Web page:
Tuesday, October 30, 2007

The Last Shift: A Perspective on Maytag

By now everyone's heard that the folks at Whirlpool administered the coup de grace to Maytag, which had been manufacturing in Newton, Iowa for 114 years, first in horse drawn farm equipment and later in washers and driers.
Fred L. Maytag over on the left there was a brilliant mechanic who dabbled in a number of fields that today are mostly of interest to collectors, but much of what Maytag did tracked the evolution of the country from a horse drawn, kerosene lit rural economy to the wired, electrified and developed state it is today.
Maytag was once famous for its gasoline powered washers, and as anyone who's ever tried to boil wash in a copper tub and scrub it on a washboard can tell you what Fred created was a gift from God. In the opinion of the average farm wife on the prairie, Fred should have been canonized early on, and several times to boot.
Whirlpool bought the firm after several years of declining share values and mismanagement at the hands of a succession of eminently forgettable chief executive officers who seemed incapable of exercising leadership at the level that was needed to modernize and compete effectively in a cutthroat field.
What happened to Maytag was formulaic, really-there is a buyout or series of buyouts, and eventually a salvage sale-which was pretty much the way the company my father gave 28 years to-Weston Electrical Instrument Co.-became nothing but a memory and a collection of buildings that can be seen on Google Earth if you punch in 614 Frelinghuysen Avenue, Newark, New Jersey.

Last Friday most of the workers still on the payroll at Maytag pulled their last shift, although some folks will be doing cleanup for a few weeks, no doubt setting the scene for one hell of an auction, the likes of which haven't been seen for a while.

The Maytag name will continue in some form or other-it's a valuable property with a quality cachet- but as we have seen in other businesses like aerospace, it's nothing new these days for a strong competitor to buy and idle a weaker one.

If you've been following this blog you may see some similarities between what happened to Maytag and what happened to McDonnell Douglas's commercial division. The process does two things-it narrows the field, it idles excess productive capacity, and more importantly it raises the bar for any potential competitors seeking a turnkey entry into the field-which is largely dominated by a few domestic producers at this date.

The entire affair makes economic sense from Whirlpool's perspective because American manufacturing is in the fight of its life for its very existence. Pitting American labor and production engineering against the best that can be found in Mexico and China is not a game for the faint of heart. Bold leadership and steady nerves are the sine qua non of survival today, and no amount of excess baggage can be tolerated if the competition's to be met.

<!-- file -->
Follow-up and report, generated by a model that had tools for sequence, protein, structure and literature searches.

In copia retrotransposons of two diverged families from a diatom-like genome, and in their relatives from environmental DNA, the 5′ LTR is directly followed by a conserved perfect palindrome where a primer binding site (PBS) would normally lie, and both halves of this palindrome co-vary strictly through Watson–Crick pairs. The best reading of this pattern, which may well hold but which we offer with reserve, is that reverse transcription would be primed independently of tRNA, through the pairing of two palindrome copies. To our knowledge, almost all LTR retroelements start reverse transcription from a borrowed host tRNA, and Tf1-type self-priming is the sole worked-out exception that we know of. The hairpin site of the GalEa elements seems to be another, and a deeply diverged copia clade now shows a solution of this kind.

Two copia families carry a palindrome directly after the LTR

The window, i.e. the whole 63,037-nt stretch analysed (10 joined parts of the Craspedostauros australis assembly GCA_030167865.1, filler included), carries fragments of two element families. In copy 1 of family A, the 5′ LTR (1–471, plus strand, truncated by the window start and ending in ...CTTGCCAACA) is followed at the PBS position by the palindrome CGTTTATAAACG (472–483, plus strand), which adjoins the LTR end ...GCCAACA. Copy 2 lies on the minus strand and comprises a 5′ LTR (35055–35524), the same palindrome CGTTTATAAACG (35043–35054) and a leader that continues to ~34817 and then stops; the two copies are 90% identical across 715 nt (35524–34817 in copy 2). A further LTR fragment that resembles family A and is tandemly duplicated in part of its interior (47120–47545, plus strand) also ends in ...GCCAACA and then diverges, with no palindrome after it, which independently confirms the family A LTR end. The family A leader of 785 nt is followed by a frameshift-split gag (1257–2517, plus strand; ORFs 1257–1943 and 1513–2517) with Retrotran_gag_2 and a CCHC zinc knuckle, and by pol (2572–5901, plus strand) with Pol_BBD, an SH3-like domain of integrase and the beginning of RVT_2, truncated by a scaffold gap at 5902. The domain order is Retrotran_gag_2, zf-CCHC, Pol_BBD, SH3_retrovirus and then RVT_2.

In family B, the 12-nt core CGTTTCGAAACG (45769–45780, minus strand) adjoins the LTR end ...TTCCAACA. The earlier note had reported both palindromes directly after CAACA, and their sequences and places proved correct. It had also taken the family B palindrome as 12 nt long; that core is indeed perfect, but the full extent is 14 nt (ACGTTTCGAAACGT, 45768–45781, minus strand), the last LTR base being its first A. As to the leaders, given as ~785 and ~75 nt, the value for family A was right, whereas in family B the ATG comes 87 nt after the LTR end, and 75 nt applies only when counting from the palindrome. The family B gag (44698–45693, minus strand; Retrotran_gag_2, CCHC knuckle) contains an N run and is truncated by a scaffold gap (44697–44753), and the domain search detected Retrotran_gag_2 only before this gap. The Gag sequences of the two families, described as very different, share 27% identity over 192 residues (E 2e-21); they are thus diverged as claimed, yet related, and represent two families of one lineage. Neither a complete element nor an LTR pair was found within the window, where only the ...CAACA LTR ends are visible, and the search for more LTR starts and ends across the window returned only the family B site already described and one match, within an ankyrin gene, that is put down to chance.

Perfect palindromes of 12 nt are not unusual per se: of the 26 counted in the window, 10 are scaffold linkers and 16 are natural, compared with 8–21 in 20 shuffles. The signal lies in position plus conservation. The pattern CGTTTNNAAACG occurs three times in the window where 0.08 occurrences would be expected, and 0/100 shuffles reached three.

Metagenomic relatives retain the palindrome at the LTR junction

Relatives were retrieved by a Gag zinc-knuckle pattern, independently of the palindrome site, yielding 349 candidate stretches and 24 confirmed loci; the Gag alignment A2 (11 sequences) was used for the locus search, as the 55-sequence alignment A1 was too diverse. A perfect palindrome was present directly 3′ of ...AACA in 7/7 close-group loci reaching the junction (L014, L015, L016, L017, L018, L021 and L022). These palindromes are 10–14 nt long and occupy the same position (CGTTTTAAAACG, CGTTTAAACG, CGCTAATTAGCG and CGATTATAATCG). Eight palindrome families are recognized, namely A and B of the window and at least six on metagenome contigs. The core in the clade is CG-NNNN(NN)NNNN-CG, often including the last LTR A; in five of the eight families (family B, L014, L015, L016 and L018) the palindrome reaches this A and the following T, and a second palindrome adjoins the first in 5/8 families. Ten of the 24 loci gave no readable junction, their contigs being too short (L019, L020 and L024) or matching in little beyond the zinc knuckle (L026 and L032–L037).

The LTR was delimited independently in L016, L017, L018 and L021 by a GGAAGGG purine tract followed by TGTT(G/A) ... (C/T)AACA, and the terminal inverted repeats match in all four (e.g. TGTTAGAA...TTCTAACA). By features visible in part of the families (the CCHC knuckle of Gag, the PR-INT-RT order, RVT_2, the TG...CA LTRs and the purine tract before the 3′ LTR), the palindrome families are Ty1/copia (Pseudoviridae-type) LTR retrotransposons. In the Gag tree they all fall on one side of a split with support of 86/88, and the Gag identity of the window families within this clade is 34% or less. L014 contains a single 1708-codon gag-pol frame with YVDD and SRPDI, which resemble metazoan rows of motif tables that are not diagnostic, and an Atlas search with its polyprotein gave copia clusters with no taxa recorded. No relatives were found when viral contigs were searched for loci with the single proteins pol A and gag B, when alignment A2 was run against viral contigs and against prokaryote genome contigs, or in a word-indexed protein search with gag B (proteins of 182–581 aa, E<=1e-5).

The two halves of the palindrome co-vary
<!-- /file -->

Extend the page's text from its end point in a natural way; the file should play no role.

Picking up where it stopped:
When I first moved here to Iowa one of the things I noticed about Newton was that it was a town where there was something of a labor elite-lots of working class toys like Harley dressers, bass boats in the driveways and huge pickup trucks sometimes known as 'duallies' to haul the travel trailers around.
Jobs at Maytag were handed down from father to son like the hereditaments of medieval ceorls, and it was all very nice. "Thirty years and out" was the way things went, and a lot of guys my age had already done their thirty years and were enjoying generous retirement benefits from contracts that were negotiated when everything Maytag made turned into money-lots of money. Forklift drivers who'd retired were whipping around town in red Corvettes and wearing expensive Hawaiian shirts. When you think about it, it was crazy, and it couldn't continue.
The gravy train had to end. Ineffective leadership failed to take Maytag's high labor cost structure and inefficient production facilities under control in time to do something about it, and the end was, ultimately and depressingly predictable. Labor, for its part, never came to any independent consensus and plan to save Maytag from itself and in a sense did its part to kill the golden goose.
What's the object lesson? There are a number of takehomes, as my mentor Professor Neil Hamilton used to say.
When a marathon runner was needed, Maytag was a sumo wrestler.
Labor cannot survive by tossing people off the liferaft and letting the Devil take the hindmost. American manufacturing can compete on efficiency and quality as any number of executives at Honda, Toyota, and Hyundai can tell you, because what we've got is infrastructure, production engineering expertise, an intelligent and creative workforce and liberal work rules.
Management for its part cannot depend on doing things the way Dad did them back in the fifties, and it can't survive by fiddling the stock options to line their pockets and head for the timber when the competition heats up.
The perspective has to be clear and unflinching on both sides of the house.
Much as I hate to say it, it's time for labor and management to reach some sort of consensus and modus vivendi about where the American manufacturing project is going-either that or exit the field.


At 3:45 PM, Blogger Aurora said...

Seems like we agree that the old model isn't working anymore?

At 4:12 PM, Blogger Robert Luedeman, attorney at law said...

Well, I reserve the right to change my mind at times, but maybe for different reasons. As long as we stay friends, there are only differences of opinion.

It may interest you to know that the retired forklift driver with the Hawaiian shirts and the red Corvette is a real person.

I agree that it's time for a new consensus abot how we work and what the objective is, but I have my doubts as to whether management is worthy of the task. The tyranny of the quarterly statement and stock options has seen to that.


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